Apr 28, 2022

One of the most important developments in the history of cancer treatment was radiosurgery, which was a technique that could destroy malignant tissue with exacting precision and without the need for more open forms of surgery.

When attempting to remove or destroy malignant tissue, lesions or tumours, where this cancerous material is will strongly affect what types of treatment are possible or within acceptable boundaries of safety, and no place in the body is more sensitive and precarious as the brain.

Before the development of radiosurgery, if someone suffered from a small lesion or tumour in the brain, surgery could be seen as too risky to attempt, given the chance of complications, and neurosurgeons looked for an alternative.

The man who managed to make a breakthrough, however, was a Swedish neurosurgery specialist by the name of Lars Leksell.

His technique, which he called stereotactic radiosurgery (SRS), was described by Dr Leksell himself as a “single high dose” of radiation, targeted using three-dimensional coordinates to target a certain point within the brain, usually where a small lesion or growth had developed.

Initially, despite being called radiosurgery, the very first stereotactic instrument Dr Leksell attempted to use was a series of electrodes and probes, only replacing them with focused x-ray beams in the early 1950s.

Radiation was an essential part of the process, particularly once multiple narrow beams were focused on a particular point since they could deliver a dose of radiation strong enough to kill targeted tissue whilst protecting healthy brain tissue from unnecessary damage.

Over the next decade, the main evolution of radiosurgery, primarily carried by the work of Börje Larsson and Kurt Linden, was the development of dedicated proton beams to stereotactic radiosurgery, rather than relying on x-rays.

Whilst this was a major step forward from x-rays, there were still issues. Proton beam therapy relies on the use of a synchrocyclotron, a type of particle accelerator that whilst effective, was also too big and too bulky to allow for regular use.

This was when Dr Leksell would help to develop the Gamma Knife at the Karolinska Institute in Stockholm, which was developed to be a relatively compact, simple to use practical tool that a surgeon could themselves use to treat patients.

The initial prototype works in a very similar way to the more advanced Gamma Knife systems used today, with several sources of cobalt-60 radiation being placed in a helmet with slits that were designed to treat a range of pain, behavioural and movement disorders that regular treatments could not.

The second, which used 179 cobalt-60 sources, was used to treat brain tumours, and later units would use 201 cobalt-60 sources, a number that continues to be used to this day as the systems used to focus radiation are more accurate than those used by Dr Leksell.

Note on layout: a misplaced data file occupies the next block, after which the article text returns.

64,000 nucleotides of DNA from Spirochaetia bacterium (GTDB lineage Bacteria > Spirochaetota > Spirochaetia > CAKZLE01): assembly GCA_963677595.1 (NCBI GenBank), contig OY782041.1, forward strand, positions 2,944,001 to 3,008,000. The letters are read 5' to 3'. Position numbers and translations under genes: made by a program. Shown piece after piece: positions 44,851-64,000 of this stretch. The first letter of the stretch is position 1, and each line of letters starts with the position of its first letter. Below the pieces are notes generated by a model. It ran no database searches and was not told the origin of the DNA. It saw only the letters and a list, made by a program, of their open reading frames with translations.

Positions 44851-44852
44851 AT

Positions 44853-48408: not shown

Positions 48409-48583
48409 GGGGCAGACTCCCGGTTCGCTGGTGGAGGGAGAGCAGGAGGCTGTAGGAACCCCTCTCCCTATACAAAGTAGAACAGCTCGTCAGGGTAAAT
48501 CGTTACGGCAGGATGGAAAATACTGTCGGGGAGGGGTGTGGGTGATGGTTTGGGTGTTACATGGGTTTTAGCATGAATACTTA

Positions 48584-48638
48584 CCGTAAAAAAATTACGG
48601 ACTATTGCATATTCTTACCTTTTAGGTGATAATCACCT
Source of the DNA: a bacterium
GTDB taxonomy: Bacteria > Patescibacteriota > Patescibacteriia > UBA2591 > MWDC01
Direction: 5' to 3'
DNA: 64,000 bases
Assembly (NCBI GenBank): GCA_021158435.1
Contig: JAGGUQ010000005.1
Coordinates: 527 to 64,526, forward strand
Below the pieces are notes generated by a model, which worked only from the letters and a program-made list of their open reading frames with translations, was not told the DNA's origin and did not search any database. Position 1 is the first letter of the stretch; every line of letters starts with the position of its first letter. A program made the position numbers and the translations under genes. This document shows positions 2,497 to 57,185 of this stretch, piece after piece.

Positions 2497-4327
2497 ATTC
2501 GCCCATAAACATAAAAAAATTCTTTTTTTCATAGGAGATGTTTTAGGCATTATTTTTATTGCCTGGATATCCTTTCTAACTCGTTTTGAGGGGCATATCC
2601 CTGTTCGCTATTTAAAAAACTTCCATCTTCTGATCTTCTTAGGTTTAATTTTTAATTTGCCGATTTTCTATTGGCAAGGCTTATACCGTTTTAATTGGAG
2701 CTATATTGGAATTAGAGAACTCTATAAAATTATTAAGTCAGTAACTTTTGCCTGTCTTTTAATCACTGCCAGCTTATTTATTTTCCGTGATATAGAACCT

Beyond cancers, however, the Gamma Knife has become an effective tool for treating diseases that previously required surgical intervention, such as acoustic neurinomas, arteriovenous malformations (AVMs) and pituitary adenomas.

Dr Leksell did not unfortunately live too long into the new era of radiosurgery that he had developed, dying peacefully in the Swiss Alps in 1986 at the age of 78.

Apr 20, 2022

The Brain Tumour Charity has joined more than 50 other organisations and signed up to the government’s ten-year cancer plan, which aims at improving care for cancer patients in the UK.

As well as providing evidence to help develop the goals for better cancer care, the Brain Tumour Charity has put its name down on a consensus statement published by One Cancer Voice.

This laid out ten tests the new plan must adhere to for it to be successful in providing better care, support and treatment of cancer patients.

The statement from One Cancer Voice read: “Drawing on our collective experiences from supporting people living with cancer, research, data and insight, we have developed this consensus statement, setting out what actions Government and the NHS need to take to ensure people diagnosed with cancer in England get the very best care and treatment.”

It stated that “people living with cancer must be at the heart of cancer care and support”.

One Cancer Voice wanted to remind the government how important a successful outcome of the ten-year plan is, saying: “[It] must be ambitious in scope to recover from the pandemic and to close the gap between England and the best performing countries in the world.”

According to figures from Cancer Research UK, 858 people are diagnosed with cancer every single day. Despite ongoing research, the number of people who die from cancer every year has increased by eight per cent since 2001.

The ten tests the government’s plan needs to fulfil include having a clear political leadership and being fully funded till the end; England being ‘smoke free’ by 2030; greater awareness of the risk factors and symptoms of cancer to reduce emergency presentation to below five per cent; and early diagnosis rising to 78 per cent of cases.